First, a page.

Non-alcoholic craft

All of the flavor, none of the regret


So you want to brew with cannabis.

If you’re a homebrewer, you’ve probably felt this urge. Commercially published in 1996, Marijuana Beer: How to Make Your Own Hi-Brew by Ed Rosenthal and the Unknown Brewer follows the time-honored tradition of homebrew innovation leading to commercial replication. But there’s a catch: Homebrewers need not worry about the Alcohol and Tobacco Tax and Trade Bureau, which issues brewing permits. Commercial breweries do, so as long as cannabis remains a Schedule 1 drug on the federal level, anyone wanting to sell marijuana beer must de-alcoholize the product. But, as Keith Villa of CERIA Brewing explains, those restrictions might be beneficial beyond legal scrutiny.

“Cannabis stimulates the vagus nerve, which is in the back of the throat,” Villa explains. “That’s what makes you gag when you put your finger down your throat.

“But if you smoke cannabis, that nerve is stimulated to the point where you can touch it, and you won’t gag,” he continues, “[which] helps people on chemo, because they can be on chemo and having a couple hundred dry heaves a day from the chemo. But with cannabis, it’s like you’re fine.”

However, if you’re not on chemo and you’re just pounding booze, then you need the vagus nerve to do its job. Throwing up from drinking too much is your body’s way of ridding itself of poison, but if the vagus nerve is stimulated because you’re consuming cannabis as well: “You won’t have that urge to throw up, and can just keep going until you black out,” Villa says. “Some people could potentially end up dead from blood alcohol poisoning. So, yes, there are some issues that are unknown that make [combining cannabis and alcohol] potentially dangerous.”

That said, there’s another benefit to producing de-alcoholized beer: The market share is growing. Data over the last few years suggest that age-appropriate consumers are drinking less and less alcohol. This has given rise to non-alcoholic (NA) craft beer filling the gap when the occasion calls for a beverage, but the consumer is a sober-conscious, or calorie-conscious, drinker.

Some producers are staples—Brooklyn Brewery has two under its NA label, Special Effects—but most are newcomers. Canada’s Grüvi, which took home Naturally Boulder’s 2020 Pitch Slam and People’s Choice Awards, makes alcohol-free beer and sparkling wine. Connecticut’s Athletic Brewing Co. has a half-dozen NA styles, from IPA to stout. 

Those three are good and easy to find, but CERIA Brewing’s Indiewave IPA might be the best around. That shouldn’t be a surprise considering Villa’s brewing legacy (see Boulder Weekly, Aug. 12). But Indiewave isn’t just dank, snappy, and refreshing; it tastes like a regular beer. NA beers, much like decaf coffee, can taste hollow and thin. Indiewave is the type of beer that you don’t know is non-alcoholic until you’ve had your second and still feel clear-headed.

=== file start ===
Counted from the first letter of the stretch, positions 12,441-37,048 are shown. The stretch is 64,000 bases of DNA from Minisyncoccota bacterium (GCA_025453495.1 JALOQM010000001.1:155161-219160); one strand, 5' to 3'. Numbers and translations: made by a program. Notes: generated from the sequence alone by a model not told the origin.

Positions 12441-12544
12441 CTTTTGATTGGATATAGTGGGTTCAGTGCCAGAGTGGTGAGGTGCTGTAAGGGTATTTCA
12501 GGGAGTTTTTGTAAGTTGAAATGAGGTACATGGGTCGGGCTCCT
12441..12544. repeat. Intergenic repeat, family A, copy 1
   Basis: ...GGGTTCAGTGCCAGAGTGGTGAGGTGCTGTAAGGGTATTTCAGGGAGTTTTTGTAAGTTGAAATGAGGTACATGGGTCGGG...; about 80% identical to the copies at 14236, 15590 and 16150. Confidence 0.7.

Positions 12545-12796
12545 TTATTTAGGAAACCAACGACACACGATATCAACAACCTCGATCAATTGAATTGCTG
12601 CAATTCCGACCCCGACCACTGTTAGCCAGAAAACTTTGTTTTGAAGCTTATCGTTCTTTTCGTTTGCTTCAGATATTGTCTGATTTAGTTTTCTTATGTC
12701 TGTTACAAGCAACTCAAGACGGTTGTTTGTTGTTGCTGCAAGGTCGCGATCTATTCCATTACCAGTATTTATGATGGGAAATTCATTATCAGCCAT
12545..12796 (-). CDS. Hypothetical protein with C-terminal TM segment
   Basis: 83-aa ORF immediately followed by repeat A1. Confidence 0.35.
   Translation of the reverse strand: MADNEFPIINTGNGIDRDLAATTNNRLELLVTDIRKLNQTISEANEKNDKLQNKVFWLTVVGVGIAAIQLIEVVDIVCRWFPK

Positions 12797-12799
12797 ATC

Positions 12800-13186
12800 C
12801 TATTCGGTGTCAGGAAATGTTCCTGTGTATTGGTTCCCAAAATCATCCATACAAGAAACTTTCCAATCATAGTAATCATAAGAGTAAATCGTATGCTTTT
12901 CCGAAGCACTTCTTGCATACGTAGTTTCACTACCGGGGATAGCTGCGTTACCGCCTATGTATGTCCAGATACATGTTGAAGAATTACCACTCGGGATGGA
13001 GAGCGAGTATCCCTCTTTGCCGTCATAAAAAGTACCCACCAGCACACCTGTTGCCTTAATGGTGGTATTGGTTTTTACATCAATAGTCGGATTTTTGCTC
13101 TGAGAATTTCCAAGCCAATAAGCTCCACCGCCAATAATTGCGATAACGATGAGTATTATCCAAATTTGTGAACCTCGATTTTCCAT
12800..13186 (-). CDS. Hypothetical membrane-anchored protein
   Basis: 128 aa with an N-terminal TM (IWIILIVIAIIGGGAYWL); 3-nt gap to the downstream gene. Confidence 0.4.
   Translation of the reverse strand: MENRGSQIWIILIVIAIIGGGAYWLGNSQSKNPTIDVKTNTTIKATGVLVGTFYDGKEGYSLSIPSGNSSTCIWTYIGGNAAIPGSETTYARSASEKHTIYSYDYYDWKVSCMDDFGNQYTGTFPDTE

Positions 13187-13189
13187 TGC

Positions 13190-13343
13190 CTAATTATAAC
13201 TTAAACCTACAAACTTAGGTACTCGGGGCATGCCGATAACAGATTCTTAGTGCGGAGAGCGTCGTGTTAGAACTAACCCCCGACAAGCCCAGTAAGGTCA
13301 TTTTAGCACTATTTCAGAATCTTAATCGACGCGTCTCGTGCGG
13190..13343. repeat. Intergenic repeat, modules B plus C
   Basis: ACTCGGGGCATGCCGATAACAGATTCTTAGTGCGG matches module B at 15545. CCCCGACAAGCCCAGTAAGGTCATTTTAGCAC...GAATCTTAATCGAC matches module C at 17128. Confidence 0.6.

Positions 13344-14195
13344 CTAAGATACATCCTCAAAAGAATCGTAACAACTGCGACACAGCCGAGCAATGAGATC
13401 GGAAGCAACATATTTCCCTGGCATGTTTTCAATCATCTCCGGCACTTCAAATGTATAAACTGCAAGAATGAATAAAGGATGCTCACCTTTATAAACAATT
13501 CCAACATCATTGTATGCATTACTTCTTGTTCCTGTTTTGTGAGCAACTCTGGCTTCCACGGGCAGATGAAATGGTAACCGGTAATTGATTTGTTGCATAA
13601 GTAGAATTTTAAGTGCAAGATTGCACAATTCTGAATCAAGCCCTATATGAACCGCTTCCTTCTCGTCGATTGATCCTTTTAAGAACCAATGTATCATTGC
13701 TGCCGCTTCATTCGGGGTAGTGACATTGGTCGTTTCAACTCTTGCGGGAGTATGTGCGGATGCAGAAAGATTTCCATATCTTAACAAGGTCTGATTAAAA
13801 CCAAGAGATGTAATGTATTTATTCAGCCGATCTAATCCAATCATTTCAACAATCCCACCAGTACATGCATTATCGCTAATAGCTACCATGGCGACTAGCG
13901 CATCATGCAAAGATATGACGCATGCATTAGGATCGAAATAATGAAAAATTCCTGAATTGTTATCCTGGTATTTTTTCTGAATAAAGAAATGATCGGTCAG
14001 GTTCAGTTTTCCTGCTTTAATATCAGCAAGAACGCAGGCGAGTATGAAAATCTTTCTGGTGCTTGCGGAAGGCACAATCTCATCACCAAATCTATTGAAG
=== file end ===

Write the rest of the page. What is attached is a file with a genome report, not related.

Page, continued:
“We use vacuum distillation,” Villa explains, adding that the brewing techniques CERIA uses to maintain body and flavor are proprietary. “We can actually pull out all the alcohol to get it down to zero point zero.”

And it’s on the backs of CERIA’s non-alcoholic beers—not their THC-infused versions—that Villa is spreading the good word. As of this writing, de-alcoholized CERIA beer can be found in 19 states, with California next on the list.

The future of cannabis and beer

Villa is probably correct in thinking that legalized cannabis on a federal level is a question of when and not if. That puts him in a pretty good position, business-wise. But is cannabis the future of craft beer? That’s hard to say. It depends on how consumers approach it. Will they view marijuana beer as a complementary style—like amber, IPA, or stout—to their standard go-to’s? Or is cannabis beer a replacement, like hard seltzer, wine, or spirits?

Interestingly, non-alcoholic beer might be both. It’s attractive to drinkers watching their intake while also giving sober-conscious drinkers an option to enjoy the flavor of beer without the consequences of alcohol. Ditto for terpenes: Their use in the brewing process won’t just break new flavor frontiers, they’ll help reduce the cost of materials and benefit the ecologically-conscious drinker.

It’s an interesting time to be a beer drinker. Craft sales have plateaued while national sales slip. If those numbers bear fruit, then that means there are more beers out there to discover and fewer drinkers discovering them. As brewers compete for relevance and attention, innovation is a necessity. As the old saying goes, the future comes fast. It might already be here.

This concludes our series on the intersection of brewing and cannabis. For more, see Boulder Weekly’s Drink columns for Aug. 12, 19, 26, and Sept. 2, and Cannabis Corner columns for Aug. 19 and Sept. 2.

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